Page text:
site and it can’t afford to be unreachable for more about 1 second.

ed

This is also an area of interest to me as we will be releasing our RoR
app too. I have to say I hadn’t given much consideration to LiteSpeed
much before reading this post. After some research it really does seem
like an excellent solution, especially from a performance and security
perspective.

Generally speaking, what happens is that the web server is switched
to serving a static maintenance page while the code is switched out,
the reenabled for dynamic content once the update is done.

On 7/25/06, George W. [email protected] wrote:

Since Pond is multi-threaded, its scalability is not as good.

Does it mean that multi-threading is in general slower? How does
litespeed handle this problem?

If mongrel_cluster is easy to you, give LiteSpeed + LSAPI a try. :slight_smile:

Interesting. What is the difference between LSAPI and FastCGI?

Best Regards,
George W.


Kent

http://www.datanoise.com

Does it mean that multi-threading is in general slower?
No necessarily, but usually, thread scheduling and synchronization are
extra costs, and it requires more memory for per-thread stack space,
that’s usually limits the scalability of multi-thread application.
How does litespeed handle this problem?

LiteSpeed is single threaded and uses event-driven non-blocking socket.

Interesting. What is the difference between LSAPI and FastCGI?
Similar. You can think LSAPI as specially optimized FastCGI for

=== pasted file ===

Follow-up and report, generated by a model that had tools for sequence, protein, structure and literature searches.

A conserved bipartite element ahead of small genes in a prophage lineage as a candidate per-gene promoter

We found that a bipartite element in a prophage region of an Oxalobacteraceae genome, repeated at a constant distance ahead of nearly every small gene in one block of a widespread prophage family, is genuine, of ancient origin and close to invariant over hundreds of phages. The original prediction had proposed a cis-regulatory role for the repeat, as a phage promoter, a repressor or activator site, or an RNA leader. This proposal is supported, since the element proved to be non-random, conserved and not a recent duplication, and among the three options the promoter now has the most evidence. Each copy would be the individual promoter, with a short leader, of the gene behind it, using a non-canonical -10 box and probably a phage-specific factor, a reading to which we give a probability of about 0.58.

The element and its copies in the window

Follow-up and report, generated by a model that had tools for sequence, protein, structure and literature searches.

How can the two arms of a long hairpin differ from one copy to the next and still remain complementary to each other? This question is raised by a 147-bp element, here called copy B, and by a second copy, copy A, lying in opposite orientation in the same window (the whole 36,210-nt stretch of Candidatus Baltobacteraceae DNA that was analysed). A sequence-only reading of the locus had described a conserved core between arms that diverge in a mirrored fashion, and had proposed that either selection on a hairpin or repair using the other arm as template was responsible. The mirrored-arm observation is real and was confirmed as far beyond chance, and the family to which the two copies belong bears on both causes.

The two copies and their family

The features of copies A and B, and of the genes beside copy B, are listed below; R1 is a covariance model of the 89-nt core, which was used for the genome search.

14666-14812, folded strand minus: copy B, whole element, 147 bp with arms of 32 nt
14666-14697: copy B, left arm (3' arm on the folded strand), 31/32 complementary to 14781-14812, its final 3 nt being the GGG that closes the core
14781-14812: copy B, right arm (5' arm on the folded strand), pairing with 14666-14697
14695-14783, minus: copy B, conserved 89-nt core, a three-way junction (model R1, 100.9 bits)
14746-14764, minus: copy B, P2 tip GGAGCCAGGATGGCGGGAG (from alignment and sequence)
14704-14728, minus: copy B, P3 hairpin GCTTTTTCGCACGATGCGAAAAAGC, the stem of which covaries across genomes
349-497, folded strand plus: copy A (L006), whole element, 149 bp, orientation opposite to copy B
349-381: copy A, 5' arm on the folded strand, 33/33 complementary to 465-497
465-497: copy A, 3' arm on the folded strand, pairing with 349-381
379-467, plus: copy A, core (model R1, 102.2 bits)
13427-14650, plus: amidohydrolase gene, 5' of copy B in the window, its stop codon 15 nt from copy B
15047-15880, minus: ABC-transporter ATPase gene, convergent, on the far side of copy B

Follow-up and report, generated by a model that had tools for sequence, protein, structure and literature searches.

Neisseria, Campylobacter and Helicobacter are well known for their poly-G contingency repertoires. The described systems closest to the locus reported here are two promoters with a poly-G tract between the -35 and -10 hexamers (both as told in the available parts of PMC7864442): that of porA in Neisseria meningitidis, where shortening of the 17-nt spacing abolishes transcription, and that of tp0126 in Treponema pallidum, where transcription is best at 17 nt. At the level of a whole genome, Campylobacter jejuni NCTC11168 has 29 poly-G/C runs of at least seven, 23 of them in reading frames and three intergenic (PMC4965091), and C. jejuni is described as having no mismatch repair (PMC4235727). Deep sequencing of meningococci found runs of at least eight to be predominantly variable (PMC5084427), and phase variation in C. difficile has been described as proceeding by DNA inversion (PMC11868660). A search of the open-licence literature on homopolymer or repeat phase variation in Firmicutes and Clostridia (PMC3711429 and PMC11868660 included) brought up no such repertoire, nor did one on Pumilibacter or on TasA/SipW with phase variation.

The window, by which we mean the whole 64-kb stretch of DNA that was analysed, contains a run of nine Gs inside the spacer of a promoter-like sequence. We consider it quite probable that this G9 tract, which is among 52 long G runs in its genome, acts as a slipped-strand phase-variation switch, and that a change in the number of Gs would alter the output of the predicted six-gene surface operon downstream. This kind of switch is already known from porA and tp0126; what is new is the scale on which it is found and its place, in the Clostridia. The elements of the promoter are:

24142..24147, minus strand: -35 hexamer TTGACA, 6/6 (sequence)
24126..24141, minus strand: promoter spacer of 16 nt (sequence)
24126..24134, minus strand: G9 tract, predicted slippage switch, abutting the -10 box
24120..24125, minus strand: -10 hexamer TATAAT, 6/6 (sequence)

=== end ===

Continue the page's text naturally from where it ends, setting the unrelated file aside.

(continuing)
LiteSpeed. :slight_smile:

George

When you deploy a new version of an app with Capistrano, the /current
symlink is updated to point to the new version of the app… Usually
Capistrano calls reaper to kill any running FastCGI processes, and
spawner to start up a the new version that’s pointed to by /current.
Does LiteSpeed + LSAPI circumvent this and automatically detect the
switch between the two versions of the app, and then start immediately
handling requests with the new version?
If you run LiteSpeed + LSAPI on a cluster node, you only need to let
Capistrano to call “lsws/bin/lswsctrl restart” to archive the same
result. restart is graceful without any downtime.

On 7/24/06, Mark H. [email protected] wrote:

  1. http://www.litespeedtech.com Litespeed + LSAPI (Fast and fairly
    easy)
  2. Pound + Mongrel (Simple)
  1. Apache + mod_fcgid

Isak

Ed,

Can you share a little bit about your current rails setup with minimum
downtime? I am interested to know and it will benefit others.

With LiteSpeed, there is no downtime during a graceful restart, even
during a server software upgrade, so front-end web server is always
available. However, the server will queue up requests when back-end
Rails restart. Unfortunately, the Rails framework takes some time to get
initialized for each instance, usually longer than 1 second, I believe.
LSAPI reduced this to minimum by forking all new Rails processes off an
already initialized parent process. Only the parent process need to take
time to initialize the framework once. The saving is significant if you
need to start many rails instances all at once.

Best Regards,
George